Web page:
The Telegraph
Since 1st March, 1999
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Landing jitters for Jet-Sahara deal

March 20: The top brass of Jet Airways went into a huddle in Mumbai today sparking rumours that the Rs 2,200-crore Jet-Sahara merger deal that was announced with a lot of fanfare in January had started to unravel with no sign of government approvals just three days before the expiry of the deadline set in the agreement.

Jet officials emerged from the meeting at chairman Naresh Goyal’s residence at Jupiter Apartments in south Mumbai and were gung-ho that the deal would go through. They said they would be holding talks with the Sahara group to extend the deadline ' possibly by another 60 days.

The Jet-Sahara deal had sparked a major controversy within the aviation industry with dark accusations that the civil aviation ministry was favouring the creation of a private monopoly that would hog airport infrastructure and flight operation rights.

The tenure of the escrow account (specially created for the purchase of Air Sahara) expires on March 24. Jet Airways, therefore, will have to either obtain necessary government approvals before March 24 or extend the agreement with Air Sahara. The buyout would not only give Jet Airways a market share of 50 per cent, but also yield 27 leased aircraft, around 134 daily flights, 24 domestic destinations, and close to 14,000 passengers, which Sahara flies on a daily basis.

Saroj Datta, executive director of Jet Airways, told The Telegraph that both the parties would meet over the next couple of days to decide on the course of action. “We are waiting for the government’s approval on the share purchase agreement. We will be meeting over the next couple of days to decide what has to be done. However, the deal is intact.”

Despite Jet officials’ confidence that they would wrap up the deal, some niggling doubts remained with sources saying that the two companies had still not been able to thrash out the differences between them and were locked in eleventh-hour discussions.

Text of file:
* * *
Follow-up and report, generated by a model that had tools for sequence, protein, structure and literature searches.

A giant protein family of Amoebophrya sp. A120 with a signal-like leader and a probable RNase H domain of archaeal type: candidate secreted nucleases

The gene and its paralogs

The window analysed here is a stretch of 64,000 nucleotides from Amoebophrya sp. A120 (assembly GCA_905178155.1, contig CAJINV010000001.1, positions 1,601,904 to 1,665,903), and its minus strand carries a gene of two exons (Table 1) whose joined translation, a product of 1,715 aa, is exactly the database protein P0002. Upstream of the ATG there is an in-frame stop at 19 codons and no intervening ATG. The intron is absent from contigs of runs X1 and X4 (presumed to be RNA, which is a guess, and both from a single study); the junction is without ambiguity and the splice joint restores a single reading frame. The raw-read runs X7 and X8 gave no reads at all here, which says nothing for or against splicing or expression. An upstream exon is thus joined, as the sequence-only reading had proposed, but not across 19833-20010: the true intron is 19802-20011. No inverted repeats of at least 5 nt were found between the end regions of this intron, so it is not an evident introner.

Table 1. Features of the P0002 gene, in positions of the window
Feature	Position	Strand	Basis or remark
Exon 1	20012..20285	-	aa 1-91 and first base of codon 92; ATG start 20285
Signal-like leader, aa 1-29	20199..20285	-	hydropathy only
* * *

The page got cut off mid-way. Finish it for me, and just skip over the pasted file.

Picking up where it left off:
Sources said the bone of contention was the huge liabilities of Air Sahara which Jet was unwilling to take on board. There are also problems related to Air Sahara’s airport infrastructure automatically being transferred to Jet Airways.

The civil aviation ministry will decide on the parking slots and flight operation rights only after examining the merged entity’s operational schedule. According to civil aviation ministry officials, the infrastructure belongs to the Airports Authority of India and is given to airlines based on air traffic and aircraft movement.

The Director General of Civil Aviation (DGCA) has said a new policy will have to be devised to decide on such issues as more mergers could take place in future. The issue of a hefty transfer fee is also under consideration.

Under an alternative formula being considered, the AAI will take back all the parking bays of Air Sahara and redistribute them among all carriers with a substantial percentage going to Jet.

Jet's proposed $500-million issue of foreign currency convertible bonds to part fund the acquisition is understood to have been deferred by about two months till May.

There is also the question of taking approval from the aircraft acquisition committee, which allows domestic carriers to acquire planes, for transferring Air Sahara's aircraft to its own fleet.

Jet may also be asked to redraw its routes to meet the mandatory requirement of flying on smaller routes.

Civil aviation minister Praful Patel had said in Parliament that nearly two months after striking the deal, Jet had still not informed the government about the buyout.

After the deal was announced on January 19 and an integration committee headed by Air Sahara CEO Ronojoy Dutta was set up, Jet Airways had recently started the process of taking Sahara staffers on its rolls.

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